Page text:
Returning to rock after the best part of a year off, there was little change. I resigned myself to not pushing at all and just bumbled along for a number of years. Then came TCA, and the psych returned along with the construction process. Unfortunately so too did the discomfort, the intensity of both climbing and constant routesetting was too much - one was bearable but two was too far. A few months after a nasty mbt accident on a double saw my femur break into a treble, and the elbows garnished a welcome rest.
Finally scouring the web and reading through Dave McLeod’s blogs informed me of brachioradialis tendinitis, and it instantly struck home that an acute version of this was the cause of my pain. In both arms these muscles were rock solid and knotted with grisly lumps of tissue. Back to Facebook and I could see instantly from the picture of Rob’s that he was hitting the same trigger points that I needed to get to.
A second operation on my leg was a catalyst to sort out my elbow-ails. I would be off impact sport for the best part of 6 months, no climbing and no immediate routesetting. I enlisted the help of Nina Leonfellner, top Bristol physio, who started diagnosing and treating my forearms. Nina created what seemed like endless lists of exercises and started dry needle treatment on my triggerpoints. Meanwhile I gave the Armaid a good seeing to everynight, slowly breaking down the hard tissue and working the nasty lumps into submission. Unbelievably in a short space of time, tissue that had been like rock and under tension for many years was turning soft and supple, and as my massage therapist said recently, I had the forearms of a normal person again.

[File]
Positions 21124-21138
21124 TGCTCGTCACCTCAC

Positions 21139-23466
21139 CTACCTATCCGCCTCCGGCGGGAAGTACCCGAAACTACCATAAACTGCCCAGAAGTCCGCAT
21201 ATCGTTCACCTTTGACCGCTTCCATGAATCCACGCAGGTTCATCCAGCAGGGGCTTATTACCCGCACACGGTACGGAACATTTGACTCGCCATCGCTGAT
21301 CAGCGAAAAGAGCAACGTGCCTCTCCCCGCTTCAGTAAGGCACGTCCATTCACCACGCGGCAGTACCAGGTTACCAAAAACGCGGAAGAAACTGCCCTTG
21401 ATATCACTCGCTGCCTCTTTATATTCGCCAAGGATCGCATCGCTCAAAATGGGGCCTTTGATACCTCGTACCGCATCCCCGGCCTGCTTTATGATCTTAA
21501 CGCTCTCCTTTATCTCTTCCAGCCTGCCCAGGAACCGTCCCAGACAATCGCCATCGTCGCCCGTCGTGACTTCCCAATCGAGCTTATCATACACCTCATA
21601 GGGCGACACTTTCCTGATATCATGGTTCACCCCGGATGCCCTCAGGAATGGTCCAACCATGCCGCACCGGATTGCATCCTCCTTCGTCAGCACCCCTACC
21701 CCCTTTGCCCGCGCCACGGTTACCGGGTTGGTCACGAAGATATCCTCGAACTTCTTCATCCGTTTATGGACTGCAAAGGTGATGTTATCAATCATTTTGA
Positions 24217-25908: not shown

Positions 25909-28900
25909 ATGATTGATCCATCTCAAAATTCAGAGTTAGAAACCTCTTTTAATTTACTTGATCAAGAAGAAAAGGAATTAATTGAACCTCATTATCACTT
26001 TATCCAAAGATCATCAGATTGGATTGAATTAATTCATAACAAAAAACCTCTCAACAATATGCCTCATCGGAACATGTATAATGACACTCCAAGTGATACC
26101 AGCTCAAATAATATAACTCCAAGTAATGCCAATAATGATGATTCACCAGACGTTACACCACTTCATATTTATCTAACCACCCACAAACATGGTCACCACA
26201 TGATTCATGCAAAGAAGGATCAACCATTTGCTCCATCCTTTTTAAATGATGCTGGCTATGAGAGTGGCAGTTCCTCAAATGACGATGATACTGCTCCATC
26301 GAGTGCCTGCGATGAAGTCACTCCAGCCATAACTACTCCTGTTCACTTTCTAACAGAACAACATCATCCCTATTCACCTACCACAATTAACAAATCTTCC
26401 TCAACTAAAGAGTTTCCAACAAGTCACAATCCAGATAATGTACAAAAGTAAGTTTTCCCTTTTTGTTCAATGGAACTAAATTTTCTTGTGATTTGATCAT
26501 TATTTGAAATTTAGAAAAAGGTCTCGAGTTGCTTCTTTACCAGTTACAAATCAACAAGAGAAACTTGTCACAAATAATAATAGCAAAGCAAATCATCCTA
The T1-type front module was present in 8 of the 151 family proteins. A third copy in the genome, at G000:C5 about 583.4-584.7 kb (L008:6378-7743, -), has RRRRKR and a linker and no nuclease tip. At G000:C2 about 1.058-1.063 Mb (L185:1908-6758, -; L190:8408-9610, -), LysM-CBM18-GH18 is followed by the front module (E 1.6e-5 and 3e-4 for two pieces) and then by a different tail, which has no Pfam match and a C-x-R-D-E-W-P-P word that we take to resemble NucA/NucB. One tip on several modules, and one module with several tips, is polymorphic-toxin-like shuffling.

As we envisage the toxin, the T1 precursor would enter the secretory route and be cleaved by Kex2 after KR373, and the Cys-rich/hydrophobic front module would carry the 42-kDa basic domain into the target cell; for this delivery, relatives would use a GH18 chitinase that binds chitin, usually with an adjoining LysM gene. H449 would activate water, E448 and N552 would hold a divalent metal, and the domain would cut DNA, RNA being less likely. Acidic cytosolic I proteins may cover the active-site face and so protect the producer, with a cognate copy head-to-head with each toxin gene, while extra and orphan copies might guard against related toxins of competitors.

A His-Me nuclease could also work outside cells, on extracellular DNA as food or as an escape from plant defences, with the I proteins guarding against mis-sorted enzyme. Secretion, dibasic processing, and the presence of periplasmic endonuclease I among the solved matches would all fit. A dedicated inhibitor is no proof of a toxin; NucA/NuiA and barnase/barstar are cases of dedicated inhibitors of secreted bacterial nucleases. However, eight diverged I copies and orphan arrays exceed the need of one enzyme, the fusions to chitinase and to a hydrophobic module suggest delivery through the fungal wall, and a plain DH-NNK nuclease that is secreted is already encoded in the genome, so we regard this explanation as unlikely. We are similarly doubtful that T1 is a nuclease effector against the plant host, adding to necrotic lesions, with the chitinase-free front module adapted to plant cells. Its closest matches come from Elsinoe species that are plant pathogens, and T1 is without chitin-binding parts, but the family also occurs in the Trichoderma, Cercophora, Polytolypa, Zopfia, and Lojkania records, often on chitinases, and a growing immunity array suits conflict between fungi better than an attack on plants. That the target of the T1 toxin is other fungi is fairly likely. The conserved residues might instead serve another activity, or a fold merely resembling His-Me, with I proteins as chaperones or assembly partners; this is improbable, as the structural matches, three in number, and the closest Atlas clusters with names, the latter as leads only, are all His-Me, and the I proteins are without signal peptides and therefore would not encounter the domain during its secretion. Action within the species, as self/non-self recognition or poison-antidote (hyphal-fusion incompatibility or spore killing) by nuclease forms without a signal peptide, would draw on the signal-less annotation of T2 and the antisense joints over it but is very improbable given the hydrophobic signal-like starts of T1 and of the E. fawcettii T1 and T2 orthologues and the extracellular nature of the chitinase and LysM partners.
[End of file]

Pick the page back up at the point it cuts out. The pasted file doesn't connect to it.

I am back climbing and routesetting again now and have been slowly getting fitter whilst increasing intensity and duration of climbing sessions. A lapse in my antagonist exercises led to a little discomfort after two days hard setting and forerunning but that has settled down again now.
My case is one of extreme tendonosis, and it’s hard to separate the three forms of treatment in diagnosing a positive recovery. But we were all so impressed with the results that we decided we would be mad not to try and bring Armaid into the UK to benefit others with similar afflictions. The relief it has helped provide is priceless.
£95 may seem a lot of money to some but it’s a real bargain, less than the price of seeing a therapist three times. With import duty and shipping from America my Armaid was £140. It is incredibly effective at softening hard tissue, working trigger points and then maintaining good muscular condition. Although designed for forearms, my bicep and tricep heads now get regularly worked, as do my calves and IT bands. It used to be very difficult to apply self-massage and trigger point therapy, but Armaid makes it easy and almost enjoyable.
My Armaid now goes in my rucksack everywhere and has become an integral part of my post climbing and routesetting routines.